Odell Lake is a real place, by the way; it’s in Oregon. Just, y’know, FYI.
10. Reader Rabbit
You know the old saying, if it ain’t broke, don’t fix it? That’s pretty much the Reader Rabbit series in a proverbial nutshell: It’s so effective at teaching kids to read and write that it’s survived all the way since the first game launched in 1986. The last major PC releases were in the early 2000s, but in 2011, a Wii version of it was announced. Many of the games are also, of course, available to play online courtesy of the Internet Archive.
Mixed-Up Mother Goose may not have had a ton of replay value — once you’d sorted out all the nursery rhymes and put them back in order, your work there was done — but the world was so delightful that I played it over and over again as a small child. Released by Sierra in 1987 (with a handful of remakes throughout the ‘90s), it was a point-and click adventure game that encourage problem-solving; it also gets bonus points for having tons of diverse avatar options.
I’ll be honest: I actually have no recollection of playing 1990’s Treasure Mountain, Treasure Cove, or any of the other Treasure titles in this series. Many other people seem to remember these games fondly, though, so I think they deserve an inclusion here. Like many educational games, Treasure Mountain seems to have involved solving riddles that will lead you to the key to unlock each successive level; you also collect treasure as you go, returning it to the chest at the top of the titular mountain once you get there. A prize was awarded for depositing the treasure back into the chest.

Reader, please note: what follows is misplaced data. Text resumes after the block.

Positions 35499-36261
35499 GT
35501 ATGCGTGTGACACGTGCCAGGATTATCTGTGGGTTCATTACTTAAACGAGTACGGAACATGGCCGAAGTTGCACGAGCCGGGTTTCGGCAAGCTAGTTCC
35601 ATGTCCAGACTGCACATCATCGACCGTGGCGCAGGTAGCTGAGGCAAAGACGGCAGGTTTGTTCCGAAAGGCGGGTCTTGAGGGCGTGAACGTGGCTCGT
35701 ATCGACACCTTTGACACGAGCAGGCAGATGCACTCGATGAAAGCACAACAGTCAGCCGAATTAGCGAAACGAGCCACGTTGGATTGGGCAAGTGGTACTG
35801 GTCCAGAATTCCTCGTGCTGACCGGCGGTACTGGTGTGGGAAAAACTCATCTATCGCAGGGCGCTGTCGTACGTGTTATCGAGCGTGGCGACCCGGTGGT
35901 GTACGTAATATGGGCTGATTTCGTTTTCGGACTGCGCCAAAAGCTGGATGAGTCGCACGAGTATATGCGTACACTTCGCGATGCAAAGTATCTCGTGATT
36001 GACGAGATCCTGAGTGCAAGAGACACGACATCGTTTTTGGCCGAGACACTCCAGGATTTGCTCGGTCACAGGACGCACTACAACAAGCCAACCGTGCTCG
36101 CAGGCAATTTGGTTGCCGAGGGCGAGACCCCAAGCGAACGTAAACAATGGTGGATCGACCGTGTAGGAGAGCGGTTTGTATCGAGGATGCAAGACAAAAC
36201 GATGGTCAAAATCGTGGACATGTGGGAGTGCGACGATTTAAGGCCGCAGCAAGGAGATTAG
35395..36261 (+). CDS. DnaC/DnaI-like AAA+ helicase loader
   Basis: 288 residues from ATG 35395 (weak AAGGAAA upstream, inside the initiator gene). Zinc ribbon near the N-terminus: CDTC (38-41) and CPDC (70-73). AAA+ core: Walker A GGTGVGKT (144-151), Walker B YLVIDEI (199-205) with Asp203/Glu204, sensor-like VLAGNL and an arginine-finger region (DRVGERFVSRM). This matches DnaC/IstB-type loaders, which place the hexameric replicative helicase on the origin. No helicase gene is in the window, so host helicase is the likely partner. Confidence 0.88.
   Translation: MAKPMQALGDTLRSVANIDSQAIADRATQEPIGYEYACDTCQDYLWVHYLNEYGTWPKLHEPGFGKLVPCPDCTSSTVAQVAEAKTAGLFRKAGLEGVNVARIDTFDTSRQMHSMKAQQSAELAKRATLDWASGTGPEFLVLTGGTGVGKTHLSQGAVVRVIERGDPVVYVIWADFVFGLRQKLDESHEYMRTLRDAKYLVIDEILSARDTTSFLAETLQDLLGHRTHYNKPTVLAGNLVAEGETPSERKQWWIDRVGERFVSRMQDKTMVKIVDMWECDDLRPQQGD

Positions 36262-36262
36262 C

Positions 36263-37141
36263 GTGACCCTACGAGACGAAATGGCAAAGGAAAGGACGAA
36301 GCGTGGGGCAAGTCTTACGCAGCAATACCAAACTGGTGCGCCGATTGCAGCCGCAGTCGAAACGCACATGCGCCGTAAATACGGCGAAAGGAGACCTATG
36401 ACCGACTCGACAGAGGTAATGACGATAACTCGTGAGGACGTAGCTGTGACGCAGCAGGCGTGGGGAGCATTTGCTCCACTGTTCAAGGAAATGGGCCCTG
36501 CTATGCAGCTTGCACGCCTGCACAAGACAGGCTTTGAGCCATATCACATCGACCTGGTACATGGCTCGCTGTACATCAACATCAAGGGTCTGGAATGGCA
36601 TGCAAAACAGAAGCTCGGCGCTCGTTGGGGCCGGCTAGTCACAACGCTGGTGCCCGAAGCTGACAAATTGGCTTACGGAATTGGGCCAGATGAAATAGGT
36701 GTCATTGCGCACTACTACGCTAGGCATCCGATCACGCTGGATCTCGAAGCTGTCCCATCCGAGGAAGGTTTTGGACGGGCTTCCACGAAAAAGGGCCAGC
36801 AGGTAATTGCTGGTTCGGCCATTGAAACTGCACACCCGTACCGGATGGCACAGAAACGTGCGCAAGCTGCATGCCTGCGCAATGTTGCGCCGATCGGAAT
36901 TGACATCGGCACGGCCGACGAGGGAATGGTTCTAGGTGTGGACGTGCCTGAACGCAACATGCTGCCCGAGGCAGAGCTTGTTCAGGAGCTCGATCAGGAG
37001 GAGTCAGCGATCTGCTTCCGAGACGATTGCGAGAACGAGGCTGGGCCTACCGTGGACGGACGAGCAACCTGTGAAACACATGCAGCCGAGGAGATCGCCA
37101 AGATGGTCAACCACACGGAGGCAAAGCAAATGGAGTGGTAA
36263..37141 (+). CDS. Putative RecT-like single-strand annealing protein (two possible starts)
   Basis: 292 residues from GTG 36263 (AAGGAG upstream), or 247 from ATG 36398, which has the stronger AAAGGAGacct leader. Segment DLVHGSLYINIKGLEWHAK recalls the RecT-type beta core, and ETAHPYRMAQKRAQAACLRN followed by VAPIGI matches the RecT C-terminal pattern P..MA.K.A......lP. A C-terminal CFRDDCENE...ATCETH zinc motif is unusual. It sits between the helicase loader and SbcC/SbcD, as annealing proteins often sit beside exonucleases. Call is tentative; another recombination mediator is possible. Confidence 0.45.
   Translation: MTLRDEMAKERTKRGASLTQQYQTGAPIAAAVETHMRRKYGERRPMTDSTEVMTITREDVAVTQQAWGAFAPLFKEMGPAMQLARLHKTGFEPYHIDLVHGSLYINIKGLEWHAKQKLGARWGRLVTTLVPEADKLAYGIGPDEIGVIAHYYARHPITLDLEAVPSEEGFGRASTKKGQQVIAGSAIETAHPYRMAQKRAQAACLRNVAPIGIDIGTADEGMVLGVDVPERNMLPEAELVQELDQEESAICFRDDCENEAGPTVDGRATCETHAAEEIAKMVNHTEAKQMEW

Maybe giving the game a play-through on the Internet Archive will jog my memory…
13. The Dr. Brain Series
Admittedly I never played the fourth game in the series, and I wasn’t a big fan of the third — but the first two? Classic. The Castle of Dr. Brain , released in 1991, and the follow-up, 1992’s The Island of Dr. Brain , were a step up from a lot of the other puzzle-solving games out there; they were geared towards slightly older kids, so there was more to each puzzle than simply picking a matching shape or selecting the next number in a sequence. We’re talking intense logic puzzles that might stump even some adults. Heck. And yes.
Like Scooter’s Magic Castle, 1993’s Eagle Eye Mysteries and 1994’s Eagle Eyes Mysteries in London came to us courtesy of the now sadly defunct EA* Kids division of Electronic Arts. Unlike Scooter’s Magic Castle, though, they were meant for an older crowd The games followed siblings Jake and Jennifer Eagle as they solved mysteries throughout first their hometown, then in London, not unlike a modernized, digital version of Encyclopedia Brown. If you were a pint-sized fan of whodunnits, this was the game for you — and it helped you learn how to piece together different pieces of information until a complete picture emerged. A valuable skill to have, I feel.
15. Oregon Trail
I don’t really need to say anything about this one, do I?